Software

When e-mail serves to lower productivity

E-mail's "Reply All" function seems to lend itself to misuse. Here are some reasons not to use it.

Many moons ago, I wrote a blog about people who are e-mail impaired. Among the many infractions I listed, one was a personal pet peeve: The apparently uncontrollable urge by some people to "Reply All."

If you're in a group of people who are all on one thread because you're seeking a common piece of information, then by all means, Reply All to your heart's content. That's what it's for.

But if your reply to some group copied e-mail is something like "OK" or some attempt to suck up like, "Wow, Jim, I have to say your e-mail messages never cease to enrich my existence," you should resist the lure of the Reply All siren. Because if you don't, the group then has to read 29 other responses like "Sure does!" and "Thanks for sharing!"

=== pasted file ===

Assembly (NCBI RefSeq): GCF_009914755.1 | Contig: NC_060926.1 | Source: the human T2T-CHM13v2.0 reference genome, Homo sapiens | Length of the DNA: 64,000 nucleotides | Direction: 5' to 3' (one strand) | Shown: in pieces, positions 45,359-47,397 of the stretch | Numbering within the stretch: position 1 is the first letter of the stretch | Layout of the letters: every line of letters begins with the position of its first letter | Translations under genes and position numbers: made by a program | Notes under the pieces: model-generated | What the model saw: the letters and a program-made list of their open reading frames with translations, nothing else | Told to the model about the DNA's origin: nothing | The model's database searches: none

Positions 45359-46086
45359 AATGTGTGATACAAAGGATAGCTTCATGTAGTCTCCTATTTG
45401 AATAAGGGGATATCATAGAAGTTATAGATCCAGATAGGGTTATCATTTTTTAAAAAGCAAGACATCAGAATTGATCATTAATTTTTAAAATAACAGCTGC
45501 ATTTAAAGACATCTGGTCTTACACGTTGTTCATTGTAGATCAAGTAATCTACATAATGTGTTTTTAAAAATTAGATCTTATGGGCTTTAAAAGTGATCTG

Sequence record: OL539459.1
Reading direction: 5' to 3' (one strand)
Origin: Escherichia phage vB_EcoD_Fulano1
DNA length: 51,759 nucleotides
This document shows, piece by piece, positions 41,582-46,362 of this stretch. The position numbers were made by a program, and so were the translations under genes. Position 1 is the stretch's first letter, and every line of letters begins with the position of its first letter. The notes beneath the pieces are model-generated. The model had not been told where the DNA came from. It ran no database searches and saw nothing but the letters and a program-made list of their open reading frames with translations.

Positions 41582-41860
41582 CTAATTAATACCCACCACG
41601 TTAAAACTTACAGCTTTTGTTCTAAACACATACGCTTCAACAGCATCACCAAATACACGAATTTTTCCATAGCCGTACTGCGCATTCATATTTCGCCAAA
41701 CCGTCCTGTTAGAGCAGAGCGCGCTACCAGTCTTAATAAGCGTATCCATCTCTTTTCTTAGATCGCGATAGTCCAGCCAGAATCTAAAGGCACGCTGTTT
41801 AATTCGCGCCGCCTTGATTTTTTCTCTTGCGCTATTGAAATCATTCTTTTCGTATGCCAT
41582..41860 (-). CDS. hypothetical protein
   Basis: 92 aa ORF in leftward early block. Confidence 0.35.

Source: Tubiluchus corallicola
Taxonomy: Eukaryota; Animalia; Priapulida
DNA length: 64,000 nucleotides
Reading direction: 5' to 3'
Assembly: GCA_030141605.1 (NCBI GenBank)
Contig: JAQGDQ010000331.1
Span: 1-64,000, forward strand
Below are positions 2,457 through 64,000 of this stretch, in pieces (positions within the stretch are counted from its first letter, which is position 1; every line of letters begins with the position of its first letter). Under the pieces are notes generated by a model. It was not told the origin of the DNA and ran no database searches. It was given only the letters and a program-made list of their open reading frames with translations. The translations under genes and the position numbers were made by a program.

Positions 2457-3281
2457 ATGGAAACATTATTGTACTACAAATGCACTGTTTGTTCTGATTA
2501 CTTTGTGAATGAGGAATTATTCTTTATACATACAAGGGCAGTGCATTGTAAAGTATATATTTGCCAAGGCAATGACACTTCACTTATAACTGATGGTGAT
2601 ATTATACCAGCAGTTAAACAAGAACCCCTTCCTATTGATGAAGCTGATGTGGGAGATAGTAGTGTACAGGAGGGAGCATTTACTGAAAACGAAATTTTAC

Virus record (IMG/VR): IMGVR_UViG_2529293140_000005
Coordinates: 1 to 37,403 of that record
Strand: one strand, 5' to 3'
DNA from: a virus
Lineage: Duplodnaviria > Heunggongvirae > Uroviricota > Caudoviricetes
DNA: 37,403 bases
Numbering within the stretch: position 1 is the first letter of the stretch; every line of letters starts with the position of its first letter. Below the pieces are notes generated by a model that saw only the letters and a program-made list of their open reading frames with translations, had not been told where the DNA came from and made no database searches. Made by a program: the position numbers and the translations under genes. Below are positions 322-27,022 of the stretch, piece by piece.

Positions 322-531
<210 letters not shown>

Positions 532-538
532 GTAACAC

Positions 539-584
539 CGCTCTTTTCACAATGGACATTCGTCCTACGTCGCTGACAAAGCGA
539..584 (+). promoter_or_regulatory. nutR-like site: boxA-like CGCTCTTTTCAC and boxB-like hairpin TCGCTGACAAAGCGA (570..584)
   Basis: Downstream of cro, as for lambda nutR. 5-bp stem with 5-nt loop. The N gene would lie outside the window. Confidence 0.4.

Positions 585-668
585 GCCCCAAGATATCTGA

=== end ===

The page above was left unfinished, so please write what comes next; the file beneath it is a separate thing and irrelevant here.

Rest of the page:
I will acknowledge that I can be a curmudgeon, but I'm fighting the battle of information overload just like nearly every other human on the face of the earth.

Jonathan Spira, a chief analyst for Basex, Inc., forecasts information overload will be the problem of the year for 2008. In a piece for msnbc.com, Spira said that Reply All can actually lower workers' productivity:

Workers get disoriented every time they stop what they are doing to reply to an e-mail. Workers can spend 10 to 20 times the length of the original interruption trying to get back on track. It's too much information. It's too many interruptions. It's too much lost time.

His advice? Make sure the subject line of your e-mail clearly reflects the topic and urgency of the e-mail. And use Reply All sparingly.

Okay, so let me have it. Are there any Reply All devotees out there who want to come to its rescue?

About

Toni Bowers is Managing Editor of TechRepublic and is the award-winning blogger of the Career Management blog. She has edited newsletters, books, and web sites pertaining to software, IT career, and IT management issues.

Editor's Picks